The seeds for an empire were sown in 1977 when Hatta became the first horse to carry Sheikh Mohammed’s colours to victory with a routine success at Brighton. The ruler of Dubai’s thoroughbred interests grew exponentially and in 1981 he purchased Dalham Hall Stud in Newmarket, followed five years later by the acquisition of Kildangan Stud in County Kildare.
“Other obstacles proved rather more of their own making, not least the self-imposed embargo on the support of stallions owned by their Irish rivals Coolmore”
Plenty of racecourse success came courtesy of the likes of Balanchine, Daylami, Fantastic Light, Street Cry and Sulamani and in 2000 the auspiciously named and outstandingly talented Dubai Millennium fulfilled his destiny by winning the Dubai World Cup. Shortly after the turn of the century, the operation expanded into America with the purchase of Jonabell Farm in Kentucky, followed soon after by the addition of studs in Japan and New South Wales, Australia.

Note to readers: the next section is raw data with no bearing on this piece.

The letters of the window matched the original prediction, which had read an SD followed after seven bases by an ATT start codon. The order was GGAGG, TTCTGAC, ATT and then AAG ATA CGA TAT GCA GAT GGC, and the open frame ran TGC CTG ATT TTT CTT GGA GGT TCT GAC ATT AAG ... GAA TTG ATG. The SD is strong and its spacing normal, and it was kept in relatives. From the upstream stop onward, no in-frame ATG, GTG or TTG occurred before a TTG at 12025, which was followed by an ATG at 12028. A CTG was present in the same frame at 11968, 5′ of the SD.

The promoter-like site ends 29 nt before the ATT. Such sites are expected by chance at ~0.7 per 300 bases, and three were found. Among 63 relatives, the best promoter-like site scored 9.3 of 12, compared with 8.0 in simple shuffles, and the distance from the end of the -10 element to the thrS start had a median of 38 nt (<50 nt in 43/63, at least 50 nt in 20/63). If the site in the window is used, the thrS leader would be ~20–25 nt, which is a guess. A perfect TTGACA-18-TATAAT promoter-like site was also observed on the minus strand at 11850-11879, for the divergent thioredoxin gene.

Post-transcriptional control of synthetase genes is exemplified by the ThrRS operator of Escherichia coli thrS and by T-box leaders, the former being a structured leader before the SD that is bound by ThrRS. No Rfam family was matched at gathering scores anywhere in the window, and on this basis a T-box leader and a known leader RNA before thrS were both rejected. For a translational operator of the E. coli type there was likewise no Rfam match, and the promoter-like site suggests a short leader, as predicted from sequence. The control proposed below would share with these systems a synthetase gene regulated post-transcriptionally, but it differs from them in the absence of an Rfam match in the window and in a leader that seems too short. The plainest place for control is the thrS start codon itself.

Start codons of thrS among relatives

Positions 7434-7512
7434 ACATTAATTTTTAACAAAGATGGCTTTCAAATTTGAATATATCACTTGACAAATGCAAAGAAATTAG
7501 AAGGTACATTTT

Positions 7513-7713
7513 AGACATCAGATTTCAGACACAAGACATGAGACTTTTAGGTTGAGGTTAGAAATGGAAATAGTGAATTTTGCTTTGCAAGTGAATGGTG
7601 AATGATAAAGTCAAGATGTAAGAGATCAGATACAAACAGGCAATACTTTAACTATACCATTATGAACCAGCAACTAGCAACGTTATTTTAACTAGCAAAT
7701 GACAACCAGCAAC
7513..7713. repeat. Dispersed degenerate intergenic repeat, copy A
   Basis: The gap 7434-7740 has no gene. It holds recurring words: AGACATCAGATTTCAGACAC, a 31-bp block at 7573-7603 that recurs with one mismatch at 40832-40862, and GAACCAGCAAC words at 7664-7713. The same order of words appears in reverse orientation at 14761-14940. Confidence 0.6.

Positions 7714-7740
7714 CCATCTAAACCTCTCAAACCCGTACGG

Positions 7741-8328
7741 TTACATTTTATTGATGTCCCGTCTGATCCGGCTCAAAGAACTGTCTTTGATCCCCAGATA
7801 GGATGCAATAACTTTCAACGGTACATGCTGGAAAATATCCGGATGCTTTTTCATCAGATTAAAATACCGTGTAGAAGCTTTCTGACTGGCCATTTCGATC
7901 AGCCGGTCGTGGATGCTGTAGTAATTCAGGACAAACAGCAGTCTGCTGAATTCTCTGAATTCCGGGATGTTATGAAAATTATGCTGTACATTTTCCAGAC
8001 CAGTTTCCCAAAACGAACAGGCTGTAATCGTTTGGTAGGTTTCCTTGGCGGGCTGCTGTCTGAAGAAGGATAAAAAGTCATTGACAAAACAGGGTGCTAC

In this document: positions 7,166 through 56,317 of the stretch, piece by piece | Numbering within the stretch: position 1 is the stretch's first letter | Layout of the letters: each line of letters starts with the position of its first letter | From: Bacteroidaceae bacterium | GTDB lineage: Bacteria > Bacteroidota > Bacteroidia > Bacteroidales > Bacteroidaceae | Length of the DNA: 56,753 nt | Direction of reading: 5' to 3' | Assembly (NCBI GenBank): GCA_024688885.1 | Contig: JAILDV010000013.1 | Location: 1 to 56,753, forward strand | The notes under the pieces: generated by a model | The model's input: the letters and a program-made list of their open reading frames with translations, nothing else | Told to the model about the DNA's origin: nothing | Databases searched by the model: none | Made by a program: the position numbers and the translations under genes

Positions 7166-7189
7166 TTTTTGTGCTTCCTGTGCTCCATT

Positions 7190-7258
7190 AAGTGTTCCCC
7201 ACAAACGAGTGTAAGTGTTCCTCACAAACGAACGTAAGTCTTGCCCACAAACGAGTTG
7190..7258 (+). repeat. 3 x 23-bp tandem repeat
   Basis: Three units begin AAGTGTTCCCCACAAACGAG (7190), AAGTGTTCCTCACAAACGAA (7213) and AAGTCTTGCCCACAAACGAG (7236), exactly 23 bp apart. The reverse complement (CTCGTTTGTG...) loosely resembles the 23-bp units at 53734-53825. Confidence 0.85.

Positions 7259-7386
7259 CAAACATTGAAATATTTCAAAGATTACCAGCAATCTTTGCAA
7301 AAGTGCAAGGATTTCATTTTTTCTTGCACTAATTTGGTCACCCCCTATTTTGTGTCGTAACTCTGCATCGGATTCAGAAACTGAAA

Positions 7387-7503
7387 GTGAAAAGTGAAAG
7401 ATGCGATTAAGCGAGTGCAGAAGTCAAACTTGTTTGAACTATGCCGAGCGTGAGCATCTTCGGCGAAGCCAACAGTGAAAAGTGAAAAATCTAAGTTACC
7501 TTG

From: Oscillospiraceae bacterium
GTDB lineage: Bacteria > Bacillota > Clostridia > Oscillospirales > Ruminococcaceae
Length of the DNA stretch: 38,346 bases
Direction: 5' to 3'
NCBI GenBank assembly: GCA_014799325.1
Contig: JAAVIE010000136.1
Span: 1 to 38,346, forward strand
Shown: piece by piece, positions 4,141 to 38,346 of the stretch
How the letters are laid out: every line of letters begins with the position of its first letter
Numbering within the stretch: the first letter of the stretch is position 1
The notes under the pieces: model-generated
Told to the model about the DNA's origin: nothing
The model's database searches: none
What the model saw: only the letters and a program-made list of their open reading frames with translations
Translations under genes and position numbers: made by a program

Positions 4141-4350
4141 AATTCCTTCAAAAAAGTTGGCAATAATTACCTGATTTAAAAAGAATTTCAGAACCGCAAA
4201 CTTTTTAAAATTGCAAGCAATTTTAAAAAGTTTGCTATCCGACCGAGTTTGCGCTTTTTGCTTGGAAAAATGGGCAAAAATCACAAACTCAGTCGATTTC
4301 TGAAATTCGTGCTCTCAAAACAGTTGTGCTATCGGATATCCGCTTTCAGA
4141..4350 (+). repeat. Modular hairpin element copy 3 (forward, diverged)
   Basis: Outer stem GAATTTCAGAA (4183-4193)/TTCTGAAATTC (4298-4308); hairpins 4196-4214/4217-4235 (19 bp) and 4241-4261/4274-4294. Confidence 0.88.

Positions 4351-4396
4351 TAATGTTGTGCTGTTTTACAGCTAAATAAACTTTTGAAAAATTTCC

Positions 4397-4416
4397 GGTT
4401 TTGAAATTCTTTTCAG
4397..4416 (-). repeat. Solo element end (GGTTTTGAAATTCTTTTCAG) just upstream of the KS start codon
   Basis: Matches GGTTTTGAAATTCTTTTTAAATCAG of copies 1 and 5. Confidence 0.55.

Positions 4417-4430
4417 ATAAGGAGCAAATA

Operating in all corners of the globe, Godolphin had vast numbers of horses on their books as well as virtually unparalleled finances and access to unrivalled resources but from the mid-2000s they suffered from a confounding shortage of homebred talent.
There is no denying they were dealt a cruel blow when Dubai Millennium was struck down by grass sickness in April 2001, just two months into his first season on stallion duty. He left just 56 foals the following year. But other obstacles proved more of their own making, not least the self-imposed embargo on the support of stallions owned by their Irish rivals Coolmore, both at the sales and at source. The boycott began in 2005 and lasted 12 years, during which time Coolmore’s breed-shaping Galileo was the dominant force among the stallion ranks, winning eight of his twelve champion sire titles.